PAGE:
Around two thousand people have protested in Upper Egypt against the alleged kidnapping and forced conversion to Christianity of a Muslim woman.
Protesters gathered in Al-Wasti in Beni Suef governorate on Tuesday to condemn what they claimed was the kidnapping last month of a 21-year-old woman by Christians. The woman was allegedly forced to marry a Coptic Christian man and sent to live in Turkey.
Security forces were deployed to protect the local church and police station.
The dispute began in February when members of the Salafist Nour Party and Al-Gamaa Al-Salafaya (the Salafist Group) gathered at Al-Wasti police station to protest the alleged kidnapping and forced conversion of the woman.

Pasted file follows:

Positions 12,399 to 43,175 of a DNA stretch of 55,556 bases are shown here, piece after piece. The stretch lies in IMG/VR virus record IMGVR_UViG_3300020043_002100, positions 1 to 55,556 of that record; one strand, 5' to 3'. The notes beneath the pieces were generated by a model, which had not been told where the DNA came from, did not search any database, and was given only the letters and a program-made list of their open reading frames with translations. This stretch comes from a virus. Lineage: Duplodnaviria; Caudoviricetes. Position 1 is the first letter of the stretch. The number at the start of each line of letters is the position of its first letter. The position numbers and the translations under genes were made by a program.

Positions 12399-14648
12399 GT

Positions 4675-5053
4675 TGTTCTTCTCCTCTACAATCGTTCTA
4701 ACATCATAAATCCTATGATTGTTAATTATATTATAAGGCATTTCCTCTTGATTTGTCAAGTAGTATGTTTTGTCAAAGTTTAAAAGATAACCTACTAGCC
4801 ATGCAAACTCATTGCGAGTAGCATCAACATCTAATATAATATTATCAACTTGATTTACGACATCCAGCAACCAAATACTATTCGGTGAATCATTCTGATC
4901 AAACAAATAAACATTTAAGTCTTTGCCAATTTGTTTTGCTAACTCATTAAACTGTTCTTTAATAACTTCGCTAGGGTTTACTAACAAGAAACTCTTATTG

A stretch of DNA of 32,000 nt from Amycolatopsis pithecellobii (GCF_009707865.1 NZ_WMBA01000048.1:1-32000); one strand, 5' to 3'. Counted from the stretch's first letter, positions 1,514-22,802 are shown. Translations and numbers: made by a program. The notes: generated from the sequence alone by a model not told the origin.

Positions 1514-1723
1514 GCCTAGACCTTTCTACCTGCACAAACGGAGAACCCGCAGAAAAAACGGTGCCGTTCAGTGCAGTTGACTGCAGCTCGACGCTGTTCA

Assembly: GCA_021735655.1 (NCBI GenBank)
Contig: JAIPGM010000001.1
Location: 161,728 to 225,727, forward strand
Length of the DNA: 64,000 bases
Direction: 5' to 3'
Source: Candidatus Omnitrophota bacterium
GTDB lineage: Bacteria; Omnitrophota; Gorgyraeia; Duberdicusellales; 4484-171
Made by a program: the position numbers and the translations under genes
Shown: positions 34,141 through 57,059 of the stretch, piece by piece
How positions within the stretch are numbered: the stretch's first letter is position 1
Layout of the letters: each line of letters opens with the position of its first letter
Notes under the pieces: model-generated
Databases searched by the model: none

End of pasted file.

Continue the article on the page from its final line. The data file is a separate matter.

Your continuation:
The woman's relatives had reportedly found a number of Christian books in her personal library, which led them to suspect involvement by the church in her disappearance.
This is not the first protest against an alleged kidnapping and forced conversion in recent months. In February, clashes erupted in Komombo in Aswan, Upper Egypt after local Muslims accused Christians of kidnapping a middle-aged Muslim woman and forcing her to convert to Christianity.
In May 2011, clashes erupted in Cairo after a rumour spread among ultra-conservative Salafists that a Christian woman, who had allegedly converted to Islam, was being held hostage at a church in Imbaba.
The clashes left at least twelve dead and over 50 injured. Two churches were burnt down.
Al-Wasti is in Beni Suef governorate in Upper Egypt.